The CardFlex Action
In July 2014, the FTC also finally got around to suing CardFlex and its principals for their alleged role for facilitating more than $26 million in illegal transactions for the IWorks enterprise. CardFlex and its officers, Phillips and Blaugrund, finally settled FTC’s charges in May 2015 by stipulating to a lifetime ban from acting as a payment processor, ISO, or sales agent on behalf of several categories of merchants, or assisting merchants to avoid chargeback monitoring programs; plus a $3.3 million monetary judgment against CardFlex and Phillips that was partially suspended based on their current financial condition.
Interestingly, Phillips testified in the recent criminal action and denied knowing about Johnson’s scheme, even though he had accepted a personal guarantee from Johnson for each of the corporate merchant accounts.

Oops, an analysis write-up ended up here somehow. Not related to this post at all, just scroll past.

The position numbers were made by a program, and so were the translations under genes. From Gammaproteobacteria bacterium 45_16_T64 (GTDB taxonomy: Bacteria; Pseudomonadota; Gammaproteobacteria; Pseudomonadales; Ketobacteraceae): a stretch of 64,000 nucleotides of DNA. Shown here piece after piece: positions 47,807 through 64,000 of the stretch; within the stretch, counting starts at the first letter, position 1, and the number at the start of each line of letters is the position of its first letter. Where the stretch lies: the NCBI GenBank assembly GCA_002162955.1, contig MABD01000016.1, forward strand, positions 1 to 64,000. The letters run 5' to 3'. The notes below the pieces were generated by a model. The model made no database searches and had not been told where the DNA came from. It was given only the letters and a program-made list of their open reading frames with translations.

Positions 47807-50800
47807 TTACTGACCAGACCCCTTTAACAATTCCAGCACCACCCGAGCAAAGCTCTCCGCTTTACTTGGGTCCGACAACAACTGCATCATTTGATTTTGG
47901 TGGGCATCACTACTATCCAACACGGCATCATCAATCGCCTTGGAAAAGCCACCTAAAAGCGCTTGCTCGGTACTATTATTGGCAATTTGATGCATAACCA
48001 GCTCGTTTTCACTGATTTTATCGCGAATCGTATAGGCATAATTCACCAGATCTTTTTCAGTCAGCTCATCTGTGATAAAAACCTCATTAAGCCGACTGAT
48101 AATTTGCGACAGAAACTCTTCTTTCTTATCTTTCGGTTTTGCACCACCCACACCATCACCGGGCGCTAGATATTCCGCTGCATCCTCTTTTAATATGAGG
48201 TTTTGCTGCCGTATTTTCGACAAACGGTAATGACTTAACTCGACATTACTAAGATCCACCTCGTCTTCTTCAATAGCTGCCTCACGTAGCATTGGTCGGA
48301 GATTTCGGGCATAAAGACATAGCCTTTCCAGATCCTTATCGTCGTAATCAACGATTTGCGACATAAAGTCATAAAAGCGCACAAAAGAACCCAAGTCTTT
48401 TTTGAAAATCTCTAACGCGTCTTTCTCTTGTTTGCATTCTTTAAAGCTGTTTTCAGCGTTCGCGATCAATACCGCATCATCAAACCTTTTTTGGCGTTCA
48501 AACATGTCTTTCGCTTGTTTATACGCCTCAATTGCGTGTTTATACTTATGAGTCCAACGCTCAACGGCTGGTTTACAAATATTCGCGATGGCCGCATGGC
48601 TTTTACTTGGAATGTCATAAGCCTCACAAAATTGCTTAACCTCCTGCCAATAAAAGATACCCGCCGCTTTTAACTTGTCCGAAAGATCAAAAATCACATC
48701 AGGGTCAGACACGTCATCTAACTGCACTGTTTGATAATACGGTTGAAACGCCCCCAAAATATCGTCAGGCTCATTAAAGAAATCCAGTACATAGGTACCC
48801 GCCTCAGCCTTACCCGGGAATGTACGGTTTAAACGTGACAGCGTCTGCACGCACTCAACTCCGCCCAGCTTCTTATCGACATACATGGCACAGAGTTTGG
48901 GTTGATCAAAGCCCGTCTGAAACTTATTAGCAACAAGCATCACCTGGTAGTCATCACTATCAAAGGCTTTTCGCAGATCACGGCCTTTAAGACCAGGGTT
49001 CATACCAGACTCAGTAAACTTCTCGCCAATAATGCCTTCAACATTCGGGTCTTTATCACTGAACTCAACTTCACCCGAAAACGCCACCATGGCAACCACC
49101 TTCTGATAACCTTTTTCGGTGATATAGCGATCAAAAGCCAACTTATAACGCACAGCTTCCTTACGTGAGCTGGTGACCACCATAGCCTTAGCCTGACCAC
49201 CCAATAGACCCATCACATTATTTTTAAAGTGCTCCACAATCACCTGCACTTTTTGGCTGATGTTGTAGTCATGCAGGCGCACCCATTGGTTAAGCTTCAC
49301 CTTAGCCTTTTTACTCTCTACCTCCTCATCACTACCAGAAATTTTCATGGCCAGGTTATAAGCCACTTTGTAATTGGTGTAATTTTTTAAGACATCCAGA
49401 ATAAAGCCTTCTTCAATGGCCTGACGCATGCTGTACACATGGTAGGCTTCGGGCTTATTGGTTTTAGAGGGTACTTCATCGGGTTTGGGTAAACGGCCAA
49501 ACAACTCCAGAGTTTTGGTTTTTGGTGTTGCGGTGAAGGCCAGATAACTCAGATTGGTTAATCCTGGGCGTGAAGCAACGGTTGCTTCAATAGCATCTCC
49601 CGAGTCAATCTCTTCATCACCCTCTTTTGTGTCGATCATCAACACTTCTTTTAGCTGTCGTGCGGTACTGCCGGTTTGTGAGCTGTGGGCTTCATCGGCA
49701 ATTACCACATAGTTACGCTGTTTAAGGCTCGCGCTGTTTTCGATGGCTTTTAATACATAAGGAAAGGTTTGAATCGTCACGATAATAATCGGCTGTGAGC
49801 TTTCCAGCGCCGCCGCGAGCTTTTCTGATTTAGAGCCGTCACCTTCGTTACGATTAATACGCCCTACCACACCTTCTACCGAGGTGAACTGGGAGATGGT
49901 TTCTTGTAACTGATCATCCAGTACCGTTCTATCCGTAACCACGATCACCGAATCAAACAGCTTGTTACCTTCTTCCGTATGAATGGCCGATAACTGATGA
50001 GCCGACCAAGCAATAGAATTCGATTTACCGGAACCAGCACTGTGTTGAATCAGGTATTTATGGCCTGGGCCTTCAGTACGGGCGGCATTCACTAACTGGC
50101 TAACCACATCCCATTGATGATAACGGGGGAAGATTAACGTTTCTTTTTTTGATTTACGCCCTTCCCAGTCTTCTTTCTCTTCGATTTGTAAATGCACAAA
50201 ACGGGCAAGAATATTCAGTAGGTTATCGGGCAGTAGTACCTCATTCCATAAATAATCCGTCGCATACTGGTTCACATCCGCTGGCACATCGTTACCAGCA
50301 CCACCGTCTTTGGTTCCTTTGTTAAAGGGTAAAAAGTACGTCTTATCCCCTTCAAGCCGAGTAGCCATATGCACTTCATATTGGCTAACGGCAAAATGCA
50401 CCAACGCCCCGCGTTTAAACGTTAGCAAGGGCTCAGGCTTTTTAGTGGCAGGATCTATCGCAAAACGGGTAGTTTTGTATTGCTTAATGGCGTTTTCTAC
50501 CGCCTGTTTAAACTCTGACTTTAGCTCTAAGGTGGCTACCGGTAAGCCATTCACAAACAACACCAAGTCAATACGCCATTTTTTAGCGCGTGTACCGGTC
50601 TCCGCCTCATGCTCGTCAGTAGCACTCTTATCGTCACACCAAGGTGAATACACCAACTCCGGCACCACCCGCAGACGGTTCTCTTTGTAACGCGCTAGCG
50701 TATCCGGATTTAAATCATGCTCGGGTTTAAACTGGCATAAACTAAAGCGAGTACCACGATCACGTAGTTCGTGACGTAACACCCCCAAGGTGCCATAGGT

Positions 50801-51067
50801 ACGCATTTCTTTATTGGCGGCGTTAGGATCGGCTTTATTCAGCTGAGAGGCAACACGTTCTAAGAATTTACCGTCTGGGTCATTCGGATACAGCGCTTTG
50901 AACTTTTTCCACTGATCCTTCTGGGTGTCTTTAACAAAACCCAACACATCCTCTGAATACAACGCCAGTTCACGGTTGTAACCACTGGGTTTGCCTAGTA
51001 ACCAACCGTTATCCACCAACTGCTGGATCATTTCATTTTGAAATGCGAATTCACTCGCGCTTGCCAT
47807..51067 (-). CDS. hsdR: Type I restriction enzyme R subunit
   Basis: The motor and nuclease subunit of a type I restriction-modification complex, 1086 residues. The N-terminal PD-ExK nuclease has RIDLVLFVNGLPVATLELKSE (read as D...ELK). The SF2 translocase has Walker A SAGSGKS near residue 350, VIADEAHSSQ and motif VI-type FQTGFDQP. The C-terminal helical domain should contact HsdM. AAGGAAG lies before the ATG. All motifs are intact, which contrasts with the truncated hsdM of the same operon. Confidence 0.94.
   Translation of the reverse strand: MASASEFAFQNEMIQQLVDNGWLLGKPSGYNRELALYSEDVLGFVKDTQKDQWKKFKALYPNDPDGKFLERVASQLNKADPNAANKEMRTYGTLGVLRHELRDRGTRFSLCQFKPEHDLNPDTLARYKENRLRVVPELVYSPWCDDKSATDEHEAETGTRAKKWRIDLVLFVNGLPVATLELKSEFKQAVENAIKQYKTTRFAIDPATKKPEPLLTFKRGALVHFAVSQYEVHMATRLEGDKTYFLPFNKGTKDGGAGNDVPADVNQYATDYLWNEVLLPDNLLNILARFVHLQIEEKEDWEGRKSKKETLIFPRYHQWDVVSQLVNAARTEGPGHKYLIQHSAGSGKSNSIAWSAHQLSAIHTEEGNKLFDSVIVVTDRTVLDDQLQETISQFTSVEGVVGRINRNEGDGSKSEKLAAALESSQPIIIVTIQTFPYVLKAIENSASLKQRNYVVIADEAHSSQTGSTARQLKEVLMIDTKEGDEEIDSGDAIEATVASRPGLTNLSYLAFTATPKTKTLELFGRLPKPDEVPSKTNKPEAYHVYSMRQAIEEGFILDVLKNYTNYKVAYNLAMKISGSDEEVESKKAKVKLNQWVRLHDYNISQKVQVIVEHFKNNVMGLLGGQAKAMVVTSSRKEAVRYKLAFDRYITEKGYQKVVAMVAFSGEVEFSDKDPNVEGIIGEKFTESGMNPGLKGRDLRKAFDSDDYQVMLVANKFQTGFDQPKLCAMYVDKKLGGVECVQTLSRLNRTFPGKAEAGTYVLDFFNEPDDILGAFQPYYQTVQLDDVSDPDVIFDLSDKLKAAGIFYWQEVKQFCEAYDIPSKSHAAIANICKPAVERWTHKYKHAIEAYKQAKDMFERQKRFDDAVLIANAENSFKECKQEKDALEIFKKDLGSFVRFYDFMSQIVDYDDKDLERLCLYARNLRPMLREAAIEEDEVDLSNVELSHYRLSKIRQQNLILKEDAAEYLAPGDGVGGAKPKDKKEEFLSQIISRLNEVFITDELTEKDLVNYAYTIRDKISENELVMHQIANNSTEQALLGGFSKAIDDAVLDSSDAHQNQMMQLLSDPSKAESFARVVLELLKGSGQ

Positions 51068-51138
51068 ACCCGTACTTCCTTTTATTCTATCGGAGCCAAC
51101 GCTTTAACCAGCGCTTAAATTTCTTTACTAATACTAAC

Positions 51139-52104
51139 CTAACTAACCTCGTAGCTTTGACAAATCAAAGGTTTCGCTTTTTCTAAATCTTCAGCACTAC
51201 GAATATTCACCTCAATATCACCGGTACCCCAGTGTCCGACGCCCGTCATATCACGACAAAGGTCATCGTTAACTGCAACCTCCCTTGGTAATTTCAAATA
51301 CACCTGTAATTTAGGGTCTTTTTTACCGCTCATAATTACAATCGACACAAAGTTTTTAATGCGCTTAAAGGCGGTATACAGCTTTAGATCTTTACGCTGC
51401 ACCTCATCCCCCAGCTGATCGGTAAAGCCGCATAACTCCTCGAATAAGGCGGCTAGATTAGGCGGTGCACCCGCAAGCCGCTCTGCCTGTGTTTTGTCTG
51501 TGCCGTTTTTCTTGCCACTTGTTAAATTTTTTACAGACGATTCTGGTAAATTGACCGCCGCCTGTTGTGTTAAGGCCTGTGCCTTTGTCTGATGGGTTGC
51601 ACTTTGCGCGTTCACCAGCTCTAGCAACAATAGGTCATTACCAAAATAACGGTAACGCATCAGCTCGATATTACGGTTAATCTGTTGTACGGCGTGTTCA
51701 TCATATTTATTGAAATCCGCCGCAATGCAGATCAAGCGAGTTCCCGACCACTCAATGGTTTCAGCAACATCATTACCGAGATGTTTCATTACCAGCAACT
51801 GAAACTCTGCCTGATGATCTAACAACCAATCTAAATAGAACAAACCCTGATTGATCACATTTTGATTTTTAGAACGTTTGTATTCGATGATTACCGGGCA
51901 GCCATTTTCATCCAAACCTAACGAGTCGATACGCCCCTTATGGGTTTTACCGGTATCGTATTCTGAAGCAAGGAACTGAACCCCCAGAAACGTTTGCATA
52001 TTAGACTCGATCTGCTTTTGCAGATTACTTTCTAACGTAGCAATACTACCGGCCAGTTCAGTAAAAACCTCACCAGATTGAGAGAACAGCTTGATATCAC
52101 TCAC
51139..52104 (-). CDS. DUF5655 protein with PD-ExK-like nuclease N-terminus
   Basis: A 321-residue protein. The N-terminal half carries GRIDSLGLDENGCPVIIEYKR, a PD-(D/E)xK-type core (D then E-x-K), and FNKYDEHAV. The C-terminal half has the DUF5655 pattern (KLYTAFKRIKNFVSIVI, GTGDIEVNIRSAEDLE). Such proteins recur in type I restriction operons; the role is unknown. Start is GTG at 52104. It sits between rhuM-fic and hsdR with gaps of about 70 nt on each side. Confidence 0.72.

Nevertheless, given Johnson’s testimony about the CardFlex defendants’ role in eliciting and facilitating the straw merchant applications, the reality is the CardFlex defendants got off relatively easy as such conduct could easily have landed them substantial prison time along with Johnson for aiding and abetting Johnson’s false statements to Wells Fargo.
Card not present processing is inherent with risks. Now the stakes are higher for those in the industry processing for high risk merchants attempting to evade the card brand rules by setting up multiple merchant accounts through multiple signers. Be careful out there.